Sunday, February 10, 2019

Sylvia Plath's Psychoanalyst


When she gassed herself to death in her London apartment in 1963 Sylvia Plath became a martyr for the cause of women’s liberation. Having grown up in post-war America, a product of the 1950s, a woman with prodigious talent, Plath traveled to England, married poet Ted Hughes, bore him two children and suffered the indignity of seeing him run off with a married woman.

It was more than she could handle. She had already had one nervous breakdown  in America. She had been hospitalized for depression and was treated by an American psychoanalyst, Dr. Ruth Beuscher. In London, while suffering another breakdown, she wrote plaintive letters to her former American psychoanalyst, among others. The letters have recently been published in a third volume of Plath’s letters, thus giving voice to a woman who silenced herself far too soon.

For this she has been made into a feminist martyr, victim of the patriarchy, destroyed by a perfidious man. And yet, reading about Plath's letters to her analyst, it also becomes a story of failed therapy.

And this matters. The massive amount of work about Plath tends to promote a very specific narrative. It says that Plath was too much of 1950s America, that she died because she did not have feminism to teach her to be independent and autonomous. Thus, she has been fashioned into the prototypical victim of male chauvinism and toxic masculinity… before those became household words. In principle, she would not have reacted so badly to her husband’s betrayal if she had been strong and empowered, like today’s young women who are, after five decades of telling themselves that they are strong and empowered, being sexual harassed on a regular basis, in the workplace and on their Tinder dates.

One might conclude that Plath suffered from too much domesticity. If only her husband had been sufficiently liberated to do an occasional load of laundry. By that logic, she put her head in an oven and turned on the gas because she was protesting the thankless roles of housewife and homemaker. Why she chose to abandon two young children remains mysterious.

Anyway, what with the appearance of Plath’s new letters, Emily Cooke writes in Bookforum that she is especially interested to read Plath’s letters to her psychoanalyst Dr. Ruth Beuscher. Cooke finds these letters in particular to be compelling… first for what they showed about Plath’s state of mind, but second for what they showed about Beuscher.

While Plath was desperately reaching out to Beuscher and trying to establish some kind of connection, the analyst remained Freudian to the end, failing to respond to most of the letters, offering the kind of oracular stupidities that tended to demean and insult the recipient. While Plath has been dubbed, by Janet Malcolm in particular, “the silent woman” one comes away from Cooke’s summary of Plath’s letters to Beuscher with the impression that the real silent woman was Beuscher. And that Plath’s failure to connect with her imperious and grossly irresponsible analyst contributed to her choice to commit suicide.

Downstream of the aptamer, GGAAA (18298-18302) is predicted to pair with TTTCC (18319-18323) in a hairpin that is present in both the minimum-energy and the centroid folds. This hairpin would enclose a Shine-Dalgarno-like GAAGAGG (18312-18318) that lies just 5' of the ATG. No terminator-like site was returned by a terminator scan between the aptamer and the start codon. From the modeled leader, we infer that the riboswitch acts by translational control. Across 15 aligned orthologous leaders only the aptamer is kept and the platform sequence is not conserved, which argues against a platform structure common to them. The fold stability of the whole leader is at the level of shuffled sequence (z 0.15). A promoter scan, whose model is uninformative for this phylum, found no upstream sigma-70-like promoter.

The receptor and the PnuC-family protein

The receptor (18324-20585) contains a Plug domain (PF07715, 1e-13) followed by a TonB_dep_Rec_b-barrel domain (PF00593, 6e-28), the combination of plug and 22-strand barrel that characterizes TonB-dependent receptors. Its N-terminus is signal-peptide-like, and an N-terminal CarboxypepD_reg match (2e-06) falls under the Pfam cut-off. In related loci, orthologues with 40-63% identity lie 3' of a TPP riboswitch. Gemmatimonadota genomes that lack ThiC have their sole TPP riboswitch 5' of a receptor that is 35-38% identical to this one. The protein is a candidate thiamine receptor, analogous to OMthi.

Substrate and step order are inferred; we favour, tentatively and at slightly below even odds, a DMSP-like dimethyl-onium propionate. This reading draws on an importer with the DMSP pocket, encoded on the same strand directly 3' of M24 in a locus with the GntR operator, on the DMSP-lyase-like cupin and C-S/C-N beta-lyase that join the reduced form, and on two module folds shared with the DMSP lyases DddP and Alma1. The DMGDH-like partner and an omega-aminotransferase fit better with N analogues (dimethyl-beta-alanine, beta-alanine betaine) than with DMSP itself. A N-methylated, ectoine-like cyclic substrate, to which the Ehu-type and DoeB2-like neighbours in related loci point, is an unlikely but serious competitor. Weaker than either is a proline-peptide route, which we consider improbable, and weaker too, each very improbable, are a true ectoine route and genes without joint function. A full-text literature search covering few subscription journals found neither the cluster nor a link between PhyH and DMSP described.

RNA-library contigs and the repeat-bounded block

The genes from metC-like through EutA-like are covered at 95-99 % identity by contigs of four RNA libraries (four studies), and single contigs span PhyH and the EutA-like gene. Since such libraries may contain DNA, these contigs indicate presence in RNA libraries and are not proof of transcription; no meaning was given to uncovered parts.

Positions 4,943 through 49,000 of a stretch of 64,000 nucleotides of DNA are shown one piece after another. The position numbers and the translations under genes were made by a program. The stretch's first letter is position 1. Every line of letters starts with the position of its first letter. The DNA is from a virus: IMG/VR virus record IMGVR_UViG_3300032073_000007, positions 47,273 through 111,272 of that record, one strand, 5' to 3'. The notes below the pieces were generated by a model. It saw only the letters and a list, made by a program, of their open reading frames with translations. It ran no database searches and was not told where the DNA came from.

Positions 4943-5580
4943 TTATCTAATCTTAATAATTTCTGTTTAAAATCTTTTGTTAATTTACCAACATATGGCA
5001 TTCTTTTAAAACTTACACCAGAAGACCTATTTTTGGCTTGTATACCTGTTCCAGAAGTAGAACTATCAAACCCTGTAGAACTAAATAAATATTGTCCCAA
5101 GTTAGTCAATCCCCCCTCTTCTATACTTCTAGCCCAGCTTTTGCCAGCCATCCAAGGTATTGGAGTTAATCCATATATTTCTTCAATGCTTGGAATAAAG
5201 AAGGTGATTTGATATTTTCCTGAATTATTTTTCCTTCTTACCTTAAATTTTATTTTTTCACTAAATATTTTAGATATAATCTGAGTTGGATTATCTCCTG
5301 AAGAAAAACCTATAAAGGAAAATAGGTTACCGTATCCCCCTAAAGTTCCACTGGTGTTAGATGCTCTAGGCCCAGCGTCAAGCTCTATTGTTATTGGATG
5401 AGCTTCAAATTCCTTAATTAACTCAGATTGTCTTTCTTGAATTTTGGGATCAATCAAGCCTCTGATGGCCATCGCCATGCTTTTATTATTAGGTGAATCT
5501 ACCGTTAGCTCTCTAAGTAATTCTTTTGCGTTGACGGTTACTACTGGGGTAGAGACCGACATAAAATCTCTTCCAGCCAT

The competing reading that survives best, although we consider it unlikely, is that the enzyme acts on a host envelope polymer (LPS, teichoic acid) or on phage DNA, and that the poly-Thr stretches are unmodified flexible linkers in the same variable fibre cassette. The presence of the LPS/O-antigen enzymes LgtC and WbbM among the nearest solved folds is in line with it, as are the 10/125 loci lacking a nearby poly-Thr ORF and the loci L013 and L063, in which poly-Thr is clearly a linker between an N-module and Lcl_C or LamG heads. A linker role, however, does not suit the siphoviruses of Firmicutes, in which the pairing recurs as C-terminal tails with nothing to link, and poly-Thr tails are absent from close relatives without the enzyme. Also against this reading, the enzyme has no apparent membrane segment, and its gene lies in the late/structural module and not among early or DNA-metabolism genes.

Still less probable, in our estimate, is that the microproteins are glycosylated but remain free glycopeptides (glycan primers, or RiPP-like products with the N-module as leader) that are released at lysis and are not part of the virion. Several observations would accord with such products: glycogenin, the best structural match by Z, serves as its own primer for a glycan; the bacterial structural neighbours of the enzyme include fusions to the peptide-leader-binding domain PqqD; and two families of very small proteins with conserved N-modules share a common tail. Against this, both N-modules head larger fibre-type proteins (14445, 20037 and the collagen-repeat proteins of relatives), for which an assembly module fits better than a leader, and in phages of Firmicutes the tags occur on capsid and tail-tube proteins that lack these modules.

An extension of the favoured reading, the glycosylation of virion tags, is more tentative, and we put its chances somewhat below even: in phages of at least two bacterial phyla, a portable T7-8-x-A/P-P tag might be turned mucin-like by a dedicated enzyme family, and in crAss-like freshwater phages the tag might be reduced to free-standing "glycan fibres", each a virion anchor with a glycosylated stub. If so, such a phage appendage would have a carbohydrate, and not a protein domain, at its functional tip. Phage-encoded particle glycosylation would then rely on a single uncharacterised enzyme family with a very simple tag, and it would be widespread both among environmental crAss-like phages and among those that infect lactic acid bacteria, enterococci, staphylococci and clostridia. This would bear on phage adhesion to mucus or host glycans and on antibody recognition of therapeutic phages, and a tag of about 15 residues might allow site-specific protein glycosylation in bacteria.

Cooke describes the letters thusly:

As eloquent a portrait of domestic enchantment and its rapid corruption as any, the Beuscher letters, a kind of collection within the collection, offer a concentrated record of Plath’s bleak final year and confirmation of her superlative creative powers. That they were private documents meant for a single reader, mostly composed during agonies of varying intensity and in the hope of some therapeutic relief, seems only to heighten their power as literary objects. In Plath’s appeals to Beuscher she is plainly desperate for help, yet the rhythms of her sentences, her bitter humor, and the flamboyant performance of her plight reveal the artist at work as much as the woman in pain.

For Plath it came apart when her husband began an affair to with one Assia Wevill. Plath and Hughes separated three months later, leaving Plath alone to bring up her two-and-a-half year old daughter and her nine-month old son. 

Many of the letters to Beuscher are bookended by heartbreaking pleas: for a “good wise word,” “some good talk to carry me on,” “any advice about these other women,” “your help as a woman, the wisest woman emotionally and intellectually, that I know.” “Do write,” Plath begged in September, two months after the first revelation of adultery. “If only a paragraph. It is my great consolation just now, to speak & be heard, and spoken to.” Her eagerness issued in part from the recovery Beuscher midwifed when Plath was younger: “I still credit you, I think, with some vestige of supernatural powers which can transcend the factual lumps of experience and make them harmless, or at least, not seriously or permanently wounding.” Yet she was aware that her impulse to imagine Beuscher as so powerful was a young person’s feeling, a naive desire to hand over responsibility for one’s experience to someone else. That she didn’t—that, perhaps, Beuscher wouldn’t let her—signals her forcible maturation, the dread ripping away of illusions that real adulthood brings. “Ted made much better love while he was having these other affairs,” she admitted to the analyst, “& the tart in me appreciated this.” She felt that if her relationship with Hughes survived, she would need to come to terms with his being involved with other women in the future. She understood it might not survive.